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Spring has come to Detroit’s Sugartown enclave, and Amos Walker would like to feel kindly toward the human race. Unfortunately, his first case of the new season immediately leads him into trouble among the Polish settlers of neighboring Hamtramck, when old Martha Evancek hires him to look for her missing grandson. But even before Walker gets a chance to investigate, he’s presented with a second case: an eminent Russian novelist who fears that someone is out to kill him. Walker knows the two cases are connected, but finding that link might cost him his life.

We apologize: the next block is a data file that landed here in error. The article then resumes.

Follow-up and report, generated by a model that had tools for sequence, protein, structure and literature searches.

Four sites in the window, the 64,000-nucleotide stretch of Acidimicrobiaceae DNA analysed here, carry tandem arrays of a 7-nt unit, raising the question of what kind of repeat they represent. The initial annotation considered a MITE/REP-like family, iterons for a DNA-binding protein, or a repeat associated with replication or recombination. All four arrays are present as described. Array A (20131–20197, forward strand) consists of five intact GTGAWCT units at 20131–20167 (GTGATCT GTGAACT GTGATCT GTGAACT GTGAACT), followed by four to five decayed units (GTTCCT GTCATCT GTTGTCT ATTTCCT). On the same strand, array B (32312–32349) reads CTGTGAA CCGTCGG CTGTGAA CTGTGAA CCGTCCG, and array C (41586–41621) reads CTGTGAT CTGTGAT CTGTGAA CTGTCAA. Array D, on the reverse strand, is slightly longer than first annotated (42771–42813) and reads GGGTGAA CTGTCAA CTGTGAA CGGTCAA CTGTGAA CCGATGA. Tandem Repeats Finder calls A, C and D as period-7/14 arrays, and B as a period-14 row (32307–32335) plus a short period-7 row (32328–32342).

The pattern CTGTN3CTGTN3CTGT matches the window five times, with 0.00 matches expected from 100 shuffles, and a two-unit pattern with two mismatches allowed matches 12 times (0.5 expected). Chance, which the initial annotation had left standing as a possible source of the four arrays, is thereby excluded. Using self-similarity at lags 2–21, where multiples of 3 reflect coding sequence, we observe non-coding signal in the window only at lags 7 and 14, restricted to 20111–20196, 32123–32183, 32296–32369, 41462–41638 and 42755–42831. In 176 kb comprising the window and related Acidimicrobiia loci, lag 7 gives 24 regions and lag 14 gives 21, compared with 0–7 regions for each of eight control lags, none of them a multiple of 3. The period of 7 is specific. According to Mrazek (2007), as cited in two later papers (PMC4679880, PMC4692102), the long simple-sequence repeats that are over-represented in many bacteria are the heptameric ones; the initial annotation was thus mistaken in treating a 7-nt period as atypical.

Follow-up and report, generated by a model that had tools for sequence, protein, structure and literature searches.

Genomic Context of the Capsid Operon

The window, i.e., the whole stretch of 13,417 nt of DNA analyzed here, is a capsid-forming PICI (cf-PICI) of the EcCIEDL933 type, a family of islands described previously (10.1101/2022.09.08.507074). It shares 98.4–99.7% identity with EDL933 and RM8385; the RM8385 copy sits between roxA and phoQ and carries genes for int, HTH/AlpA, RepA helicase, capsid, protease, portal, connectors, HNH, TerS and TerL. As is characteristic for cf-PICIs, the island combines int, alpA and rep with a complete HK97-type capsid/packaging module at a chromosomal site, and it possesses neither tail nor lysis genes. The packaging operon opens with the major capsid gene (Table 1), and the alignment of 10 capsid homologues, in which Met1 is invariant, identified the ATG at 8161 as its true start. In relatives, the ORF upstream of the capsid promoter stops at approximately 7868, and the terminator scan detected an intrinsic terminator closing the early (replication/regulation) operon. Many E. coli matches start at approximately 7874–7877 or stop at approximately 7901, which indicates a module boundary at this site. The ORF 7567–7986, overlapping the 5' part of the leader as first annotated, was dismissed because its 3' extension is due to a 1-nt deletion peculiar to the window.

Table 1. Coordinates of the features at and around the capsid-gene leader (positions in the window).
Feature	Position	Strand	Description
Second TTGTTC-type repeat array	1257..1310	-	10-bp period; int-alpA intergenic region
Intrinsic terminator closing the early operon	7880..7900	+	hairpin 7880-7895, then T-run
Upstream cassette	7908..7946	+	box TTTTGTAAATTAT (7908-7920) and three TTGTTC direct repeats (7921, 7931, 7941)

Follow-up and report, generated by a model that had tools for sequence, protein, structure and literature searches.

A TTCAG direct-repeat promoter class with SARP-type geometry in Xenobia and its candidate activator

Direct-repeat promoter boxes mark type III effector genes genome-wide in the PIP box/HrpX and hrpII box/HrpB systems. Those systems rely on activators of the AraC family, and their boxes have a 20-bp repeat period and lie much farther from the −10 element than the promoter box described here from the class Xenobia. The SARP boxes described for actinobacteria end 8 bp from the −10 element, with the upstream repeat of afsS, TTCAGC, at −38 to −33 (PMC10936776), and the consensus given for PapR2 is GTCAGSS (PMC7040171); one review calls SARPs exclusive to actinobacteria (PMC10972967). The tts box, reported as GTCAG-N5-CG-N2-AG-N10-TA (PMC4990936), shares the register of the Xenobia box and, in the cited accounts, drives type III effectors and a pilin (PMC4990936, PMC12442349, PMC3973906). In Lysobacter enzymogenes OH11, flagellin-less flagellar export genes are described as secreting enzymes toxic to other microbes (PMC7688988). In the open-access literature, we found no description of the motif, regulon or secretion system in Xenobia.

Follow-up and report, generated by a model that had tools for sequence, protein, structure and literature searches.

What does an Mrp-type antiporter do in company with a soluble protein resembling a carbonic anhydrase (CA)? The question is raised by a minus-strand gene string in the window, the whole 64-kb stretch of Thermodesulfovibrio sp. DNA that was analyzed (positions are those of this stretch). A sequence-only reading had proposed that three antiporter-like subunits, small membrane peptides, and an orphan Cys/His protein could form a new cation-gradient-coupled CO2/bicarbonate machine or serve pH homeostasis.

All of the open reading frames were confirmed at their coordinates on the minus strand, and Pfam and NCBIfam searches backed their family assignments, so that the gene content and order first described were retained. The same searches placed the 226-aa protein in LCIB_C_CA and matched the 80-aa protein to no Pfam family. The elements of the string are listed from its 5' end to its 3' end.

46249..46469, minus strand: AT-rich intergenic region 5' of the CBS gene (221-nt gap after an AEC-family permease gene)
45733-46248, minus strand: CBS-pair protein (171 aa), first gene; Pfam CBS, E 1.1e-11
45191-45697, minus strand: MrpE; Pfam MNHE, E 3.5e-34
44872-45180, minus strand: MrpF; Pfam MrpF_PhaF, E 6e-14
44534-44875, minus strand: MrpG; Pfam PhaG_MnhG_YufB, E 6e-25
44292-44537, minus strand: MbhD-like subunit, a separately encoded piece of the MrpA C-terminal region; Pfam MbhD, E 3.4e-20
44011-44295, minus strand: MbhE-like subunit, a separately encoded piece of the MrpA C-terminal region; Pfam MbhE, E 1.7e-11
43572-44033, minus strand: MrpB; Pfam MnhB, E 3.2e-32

The blonde wore a red slip and held a broken bottle in her hand. The man wore a trench coat and a fedora, and through the window flames were burning in the night….The paperback novel Walker carried in his pocket was fifty years old and-from its tawdry cover to its fiery prose-still red hot. A fictionalized tale of a real-life Detroit race riot in 1943, Paradise Valley was written by a man named Eugene Booth. With a New York publisher dying to reprint Booth’s pulp-fiction classic, Booth’s disappearance didn’t make any sense. At least not yet. While hunting down Booth, Walker finds this peaceful missing-person case developing into something much more deadly. For a notorious New York mob hit man, one in protective custody and promoting his own bestselling, tell-all book, is also trailing Booth, and a half-century-old murder is coming back to light. Between that killing and the story told in Booth’s Paradise Valley, Walker is sure Booth has good reasons to want to disappear, and some people have good reasons…[more]